Total body 100-mGy X-irradiation does not induce Alzheimer's disease-like pathogenesis or memory impairment in mice

Bing Wang, Kaoru Tanaka, Bin Ji, Maiko Ono, Yaqun Fang, Yasuharu Ninomiya, Kouichi Maruyama, Nakako Izumi-Nakajima, Nasrin Begum, Makoto Higuchi, Akira Fujimori, Yoshihiko Uehara, Tetsuo Nakajima, Tetsuya Suhara, Tetsuya Ono, Mitsuru Nenoi

Research output: Contribution to journalArticlepeer-review

17 Citations (Scopus)

Abstract

The cause and progression of Alzheimer's disease (AD) are poorly understood. Possible cognitive and behavioral consequences induced by low-dose radiation are important because humans are exposed to ionizing radiation from various sources. Early transcriptional response in murine brain to low-dose X-rays (100 mGy) has been reported, suggesting alterations of molecular networks and pathways associated with cognitive functions, advanced aging and AD. To investigate acute and late transcriptional, pathological and cognitive consequences of low-dose radiation, we applied an acute dose of 100-mGy total body irradiation (TBI) with X-rays to C57BL/6J Jms mice. We collected hippocampi and analyzed expression of 84 AD-related genes. Mouse learning ability and memory were assessed with the Morris water maze test. We performed in vivo PET scans with 11C-PIB, a radiolabeled ligand for amyloid imaging, to detect fibrillary amyloid beta peptide (Aβ) accumulation, and examined characteristic AD pathologies with immunohistochemical staining of amyloid precursor protein (APP), Aβ, tau and phosphorylated tau (p-tau). mRNA studies showed significant downregulation of only two of 84 AD-related genes, Apbb1 and Lrp1, at 4 h after irradiation, and of only one gene, Il1α, at 1 year after irradiation. Spatial learning ability and memory were not significantly affected at 1 or 2 years after irradiation. No induction of amyloid fibrillogenesis or changes in APP, Aβ, tau, or p-tau expression was detected at 4 months or 2 years after irradiation. TBI induced early or late transcriptional alteration in only a few AD-related genes but did not significantly affect spatial learning, memory or AD-like pathological change in mice.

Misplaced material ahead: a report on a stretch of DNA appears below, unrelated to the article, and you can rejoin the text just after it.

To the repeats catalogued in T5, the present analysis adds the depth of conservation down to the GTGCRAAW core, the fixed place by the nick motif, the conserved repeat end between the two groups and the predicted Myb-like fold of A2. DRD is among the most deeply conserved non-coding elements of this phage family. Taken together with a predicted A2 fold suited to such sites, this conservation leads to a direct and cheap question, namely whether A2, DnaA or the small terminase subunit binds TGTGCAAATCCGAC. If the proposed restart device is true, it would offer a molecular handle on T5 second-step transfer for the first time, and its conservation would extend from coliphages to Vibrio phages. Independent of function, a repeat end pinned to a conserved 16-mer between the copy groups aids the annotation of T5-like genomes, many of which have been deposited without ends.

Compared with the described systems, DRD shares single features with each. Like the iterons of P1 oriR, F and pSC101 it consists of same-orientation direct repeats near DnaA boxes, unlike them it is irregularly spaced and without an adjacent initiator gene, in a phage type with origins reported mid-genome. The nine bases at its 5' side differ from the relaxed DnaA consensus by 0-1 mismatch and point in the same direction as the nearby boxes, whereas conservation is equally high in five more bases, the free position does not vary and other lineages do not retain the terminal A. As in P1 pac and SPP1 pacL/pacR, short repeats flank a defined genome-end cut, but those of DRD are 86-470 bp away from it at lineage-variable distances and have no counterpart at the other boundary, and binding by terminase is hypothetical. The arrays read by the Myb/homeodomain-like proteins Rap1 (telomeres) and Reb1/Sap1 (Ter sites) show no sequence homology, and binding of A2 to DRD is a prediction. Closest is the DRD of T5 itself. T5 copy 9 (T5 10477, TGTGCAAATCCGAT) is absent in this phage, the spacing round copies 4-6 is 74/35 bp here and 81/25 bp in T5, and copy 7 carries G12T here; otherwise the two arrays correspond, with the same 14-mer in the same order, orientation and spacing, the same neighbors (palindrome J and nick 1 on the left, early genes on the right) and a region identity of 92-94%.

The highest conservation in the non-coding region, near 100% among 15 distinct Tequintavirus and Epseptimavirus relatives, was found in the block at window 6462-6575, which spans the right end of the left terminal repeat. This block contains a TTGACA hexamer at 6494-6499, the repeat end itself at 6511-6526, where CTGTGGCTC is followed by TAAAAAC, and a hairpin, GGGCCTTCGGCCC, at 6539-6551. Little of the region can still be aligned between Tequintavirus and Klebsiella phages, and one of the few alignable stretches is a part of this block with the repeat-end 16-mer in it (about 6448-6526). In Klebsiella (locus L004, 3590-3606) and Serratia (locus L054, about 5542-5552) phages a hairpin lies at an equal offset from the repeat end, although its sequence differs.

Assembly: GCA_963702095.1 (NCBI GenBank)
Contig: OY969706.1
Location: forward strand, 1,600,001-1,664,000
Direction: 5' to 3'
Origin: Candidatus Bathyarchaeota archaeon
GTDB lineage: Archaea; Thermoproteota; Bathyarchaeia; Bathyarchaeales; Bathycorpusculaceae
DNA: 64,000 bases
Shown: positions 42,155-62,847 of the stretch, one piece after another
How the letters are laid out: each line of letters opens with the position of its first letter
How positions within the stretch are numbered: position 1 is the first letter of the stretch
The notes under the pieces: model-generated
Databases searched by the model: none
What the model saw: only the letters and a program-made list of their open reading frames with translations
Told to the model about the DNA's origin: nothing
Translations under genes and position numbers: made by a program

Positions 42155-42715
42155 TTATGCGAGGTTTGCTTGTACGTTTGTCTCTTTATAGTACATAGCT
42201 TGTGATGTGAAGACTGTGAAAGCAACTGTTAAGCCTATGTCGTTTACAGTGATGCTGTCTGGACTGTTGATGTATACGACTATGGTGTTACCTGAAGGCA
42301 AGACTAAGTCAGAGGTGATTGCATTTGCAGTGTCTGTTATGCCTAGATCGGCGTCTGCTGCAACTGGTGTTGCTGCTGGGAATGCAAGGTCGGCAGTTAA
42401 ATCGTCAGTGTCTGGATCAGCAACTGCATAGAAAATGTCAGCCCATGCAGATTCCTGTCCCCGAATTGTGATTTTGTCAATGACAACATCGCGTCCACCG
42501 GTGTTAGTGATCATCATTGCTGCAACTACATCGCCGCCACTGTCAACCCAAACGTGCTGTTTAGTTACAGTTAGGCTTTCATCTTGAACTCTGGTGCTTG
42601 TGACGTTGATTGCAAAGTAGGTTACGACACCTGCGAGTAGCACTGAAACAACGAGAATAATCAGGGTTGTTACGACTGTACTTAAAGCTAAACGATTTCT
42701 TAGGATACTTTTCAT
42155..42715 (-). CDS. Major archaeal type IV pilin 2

Original languageEnglish
Pages (from-to)84-96
Number of pages13
JournalJournal of radiation research
Volume55
Issue number1
DOIs
Publication statusPublished - 2014 Jan 1

Keywords

  • Alzheimer's disease
  • Alzheimer's disease-like pathogenesis
  • Morris water maze test
  • low dose
  • mice
  • total-body X-irradiation

ASJC Scopus subject areas

  • Radiation
  • Radiology Nuclear Medicine and imaging
  • Health, Toxicology and Mutagenesis

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